Churchill once famously said “Those who fail to learn the lessons of history are doomed to repeat it”. As we stand at the precipice of a Right to Buy for housing associations (RtBHA), it would be wise to take a pause and look back over the lessons from the council Right to Buy before we take the plunge. That’s why Professor Alan Murie’s excellent and forensic book “The Right to Buy? Selling off Public and Social Housing” is essential reading for the housing association sector and policy makers alike. Alan is the UK’s leading academic on the Right to Buy, having undertaken numerous studies into council house sales since the mid 1970’s. This timely book takes the long view on how the council Right to Buy (RtB) has played out, what outcomes might result from a RtBHA and, learning the lessons, what changes could be made to the policy to improve the future outcomes from a RtBHA. I recommend you all to read it, but for those who won’t, or would like a taster before they do, below are my insights and thoughts on what Alan’s book raised and how it might point towards some improvements to help avoid some of the pitfalls of the policy.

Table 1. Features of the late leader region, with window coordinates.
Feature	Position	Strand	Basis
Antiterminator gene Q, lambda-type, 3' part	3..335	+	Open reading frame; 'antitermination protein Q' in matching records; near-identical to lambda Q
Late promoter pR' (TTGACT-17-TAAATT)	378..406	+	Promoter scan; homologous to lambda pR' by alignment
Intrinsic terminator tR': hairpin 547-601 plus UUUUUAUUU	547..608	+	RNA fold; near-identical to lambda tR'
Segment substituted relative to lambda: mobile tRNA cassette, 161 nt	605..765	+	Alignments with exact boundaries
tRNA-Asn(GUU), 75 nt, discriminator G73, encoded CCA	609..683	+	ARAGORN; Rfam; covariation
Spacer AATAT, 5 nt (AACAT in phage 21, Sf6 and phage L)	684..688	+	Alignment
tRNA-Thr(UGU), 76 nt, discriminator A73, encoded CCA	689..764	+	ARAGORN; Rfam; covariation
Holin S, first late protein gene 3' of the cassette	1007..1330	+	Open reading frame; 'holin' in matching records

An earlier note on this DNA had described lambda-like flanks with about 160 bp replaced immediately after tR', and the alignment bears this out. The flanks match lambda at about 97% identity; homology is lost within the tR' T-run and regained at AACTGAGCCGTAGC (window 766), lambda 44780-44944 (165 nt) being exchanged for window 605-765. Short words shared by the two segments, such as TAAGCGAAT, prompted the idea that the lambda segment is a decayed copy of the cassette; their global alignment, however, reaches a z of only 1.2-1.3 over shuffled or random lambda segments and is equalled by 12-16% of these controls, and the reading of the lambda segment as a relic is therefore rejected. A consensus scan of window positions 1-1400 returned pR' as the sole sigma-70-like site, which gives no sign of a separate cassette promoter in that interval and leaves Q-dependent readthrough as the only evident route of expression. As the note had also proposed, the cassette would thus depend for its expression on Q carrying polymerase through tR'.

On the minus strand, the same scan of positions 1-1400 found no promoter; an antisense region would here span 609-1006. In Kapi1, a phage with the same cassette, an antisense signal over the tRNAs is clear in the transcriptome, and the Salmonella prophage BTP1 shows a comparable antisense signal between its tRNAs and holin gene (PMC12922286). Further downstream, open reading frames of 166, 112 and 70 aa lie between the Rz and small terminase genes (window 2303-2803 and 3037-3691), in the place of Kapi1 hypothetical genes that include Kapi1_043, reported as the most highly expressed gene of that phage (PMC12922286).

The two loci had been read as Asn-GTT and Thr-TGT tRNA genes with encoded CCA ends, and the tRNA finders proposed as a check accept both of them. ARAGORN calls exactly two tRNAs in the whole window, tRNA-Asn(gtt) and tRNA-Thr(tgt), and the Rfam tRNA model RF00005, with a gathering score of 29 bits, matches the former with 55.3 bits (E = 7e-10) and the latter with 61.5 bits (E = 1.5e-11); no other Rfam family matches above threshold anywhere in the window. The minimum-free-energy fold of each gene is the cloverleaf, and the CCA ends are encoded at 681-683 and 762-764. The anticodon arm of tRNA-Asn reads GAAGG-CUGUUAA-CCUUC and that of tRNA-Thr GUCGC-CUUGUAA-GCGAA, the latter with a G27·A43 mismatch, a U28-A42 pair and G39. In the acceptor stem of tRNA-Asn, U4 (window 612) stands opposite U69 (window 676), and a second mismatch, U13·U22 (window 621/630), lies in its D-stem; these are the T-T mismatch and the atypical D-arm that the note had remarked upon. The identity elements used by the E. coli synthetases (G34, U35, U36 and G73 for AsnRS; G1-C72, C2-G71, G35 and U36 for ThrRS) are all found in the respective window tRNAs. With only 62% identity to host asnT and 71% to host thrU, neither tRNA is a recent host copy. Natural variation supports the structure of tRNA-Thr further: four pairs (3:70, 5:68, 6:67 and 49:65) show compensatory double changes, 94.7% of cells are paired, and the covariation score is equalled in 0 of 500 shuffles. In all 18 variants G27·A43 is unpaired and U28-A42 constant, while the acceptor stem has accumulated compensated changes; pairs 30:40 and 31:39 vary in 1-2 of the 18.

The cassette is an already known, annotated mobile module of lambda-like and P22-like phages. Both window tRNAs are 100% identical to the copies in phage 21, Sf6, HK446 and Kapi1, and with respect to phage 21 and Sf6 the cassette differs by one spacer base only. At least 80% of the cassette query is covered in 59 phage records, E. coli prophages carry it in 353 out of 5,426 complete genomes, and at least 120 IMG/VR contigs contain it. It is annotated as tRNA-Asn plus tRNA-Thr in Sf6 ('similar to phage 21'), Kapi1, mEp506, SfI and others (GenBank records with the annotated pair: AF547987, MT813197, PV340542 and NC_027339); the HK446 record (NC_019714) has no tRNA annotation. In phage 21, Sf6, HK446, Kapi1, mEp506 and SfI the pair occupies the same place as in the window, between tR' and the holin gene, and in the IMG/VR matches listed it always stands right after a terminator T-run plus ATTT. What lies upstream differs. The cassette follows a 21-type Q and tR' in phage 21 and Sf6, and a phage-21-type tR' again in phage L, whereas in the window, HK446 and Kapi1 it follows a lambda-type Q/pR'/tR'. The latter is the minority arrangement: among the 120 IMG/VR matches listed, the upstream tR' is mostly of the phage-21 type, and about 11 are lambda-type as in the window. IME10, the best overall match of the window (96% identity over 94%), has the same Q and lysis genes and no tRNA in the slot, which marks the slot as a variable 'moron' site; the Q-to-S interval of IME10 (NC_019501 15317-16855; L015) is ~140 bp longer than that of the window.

Alan provides a valuable understanding of the context at the time of the introduction of the RtB in 1980. Following a substantial council house building programme the nation had never been so well housed. Almost a third of all households were living in rented public housing that tended to be more modern and of higher quality than the private sector. Many council tenants were on higher incomes than those private renting and paid higher rents than those on regulated rents in the private sector. This large public housing asset had very low levels of debt, having been largely paid off in recent years. Alan highlights that there was a belief at the time amongst many Conservatives that the council housing sector had become too large, that it was crowding out the private sector and that a smaller council sector would stimulate the private sector “fill the gap” and increase investment. It’s worth recalling that the Conservative Government attempted to include housing association homes in the legislation for the RtB (an attempt that was fought off by the House of Lords). Unlike the recent “reinvigorated” council RtB and the RtBHA there was no commitment to use receipts to fund replacement – though Alan notes Heseltine at the time promised a Conservative government would build around 60,000 council homes per year into the future – a commitment that was clearly not delivered. In subsequent years, successive Conservative Governments further increased discounts and widened eligibility to encourage additional sales. These discounts were temporarily drawn back by Prescott in the New Labour Government post 1997, though of course were undone again under the “reinvigorated RtB” under the Coalition Government from 2012. What will prove an interesting and value comparison one day, in contrast to England, both Scotland and Wales have moved over time to curtail and now effectively abolish the RtB.